JINGO Finborough Theatre LONDON ***
"I cannot be shackled... I'm frightfully flighty," says Gwendoline, who sounds like a dainty miss of music hall but is in fact, her former and present husbands agree, a slut. This doesn't stop George, her young and silly spouse, and Ian, her grave and sensible ex, from wanting her - the latter even tells George that he is going to get her back.
But Gwen and the two Army officers are in the midst of a more serious conflict. They are in Singapore in early 1942, and George, who scornfully dismisses the idea of being bombed by the Japanese with "I'd like to see them try!", is about to get his wish.
Jingo is one of many plays about men in war, written for stage and TV, in the Sixties and Seventies (in this case, 1975) by Charles Wood, author of the unforgettable Falklands drama Tumbledown. They reflect not only Wood's Army experience but the savage anti- Establishment mood of their time: George, the "expert" on the Japanese, calls them "little yellow monkeys", and is sure they'll be no good in battle because they all need glasses. Another officer, Percy, could be speaking for them all when he asks, "Have you ever been buried alive? I have."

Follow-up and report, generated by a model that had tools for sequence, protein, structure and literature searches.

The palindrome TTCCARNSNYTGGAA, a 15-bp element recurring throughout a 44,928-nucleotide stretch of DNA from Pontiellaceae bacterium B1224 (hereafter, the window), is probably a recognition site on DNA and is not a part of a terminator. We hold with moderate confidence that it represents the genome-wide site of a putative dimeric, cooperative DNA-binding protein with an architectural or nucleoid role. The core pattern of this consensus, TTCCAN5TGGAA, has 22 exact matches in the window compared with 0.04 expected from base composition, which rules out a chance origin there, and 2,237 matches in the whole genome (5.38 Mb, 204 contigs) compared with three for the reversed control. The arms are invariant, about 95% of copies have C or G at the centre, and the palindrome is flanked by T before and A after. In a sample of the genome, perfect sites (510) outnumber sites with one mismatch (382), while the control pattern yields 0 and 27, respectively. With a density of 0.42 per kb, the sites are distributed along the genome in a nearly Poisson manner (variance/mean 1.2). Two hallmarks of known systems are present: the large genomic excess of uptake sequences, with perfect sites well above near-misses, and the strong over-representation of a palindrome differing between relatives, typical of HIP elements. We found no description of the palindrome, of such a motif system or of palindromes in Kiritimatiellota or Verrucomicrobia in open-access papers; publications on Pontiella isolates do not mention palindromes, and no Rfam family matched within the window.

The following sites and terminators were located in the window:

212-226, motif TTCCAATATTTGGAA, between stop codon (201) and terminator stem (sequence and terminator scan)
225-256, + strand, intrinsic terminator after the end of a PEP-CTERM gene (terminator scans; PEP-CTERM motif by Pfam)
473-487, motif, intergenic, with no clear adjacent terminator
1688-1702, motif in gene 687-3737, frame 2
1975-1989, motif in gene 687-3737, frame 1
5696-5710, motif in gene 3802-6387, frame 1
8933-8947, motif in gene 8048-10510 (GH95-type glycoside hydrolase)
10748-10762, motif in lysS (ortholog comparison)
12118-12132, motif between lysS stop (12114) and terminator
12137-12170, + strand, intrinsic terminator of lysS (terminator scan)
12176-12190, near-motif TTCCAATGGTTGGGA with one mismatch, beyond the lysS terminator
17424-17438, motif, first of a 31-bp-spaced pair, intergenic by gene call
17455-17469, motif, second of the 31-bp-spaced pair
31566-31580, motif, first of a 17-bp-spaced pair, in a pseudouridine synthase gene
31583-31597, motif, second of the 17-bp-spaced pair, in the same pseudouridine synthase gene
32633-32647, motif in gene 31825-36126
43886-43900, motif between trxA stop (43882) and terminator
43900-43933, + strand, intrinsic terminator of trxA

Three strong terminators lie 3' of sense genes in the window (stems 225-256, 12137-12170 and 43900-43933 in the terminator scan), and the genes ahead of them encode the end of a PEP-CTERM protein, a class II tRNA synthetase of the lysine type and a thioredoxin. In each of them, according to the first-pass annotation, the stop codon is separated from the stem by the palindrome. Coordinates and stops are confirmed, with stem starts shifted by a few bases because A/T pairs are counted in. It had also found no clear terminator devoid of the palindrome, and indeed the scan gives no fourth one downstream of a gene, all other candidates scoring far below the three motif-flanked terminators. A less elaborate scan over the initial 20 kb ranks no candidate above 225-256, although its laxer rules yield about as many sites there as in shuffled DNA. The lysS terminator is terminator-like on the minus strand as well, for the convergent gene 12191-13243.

In Tom Littler's production, for the Primavera company, every performance is first rate - Susannah Harker's ice-blond bitch; Peter Sandys-Clarke's absurd but touching George; Anthony Howell's sorrowing Ian, trapped by a crazy passion and a chaotic war. …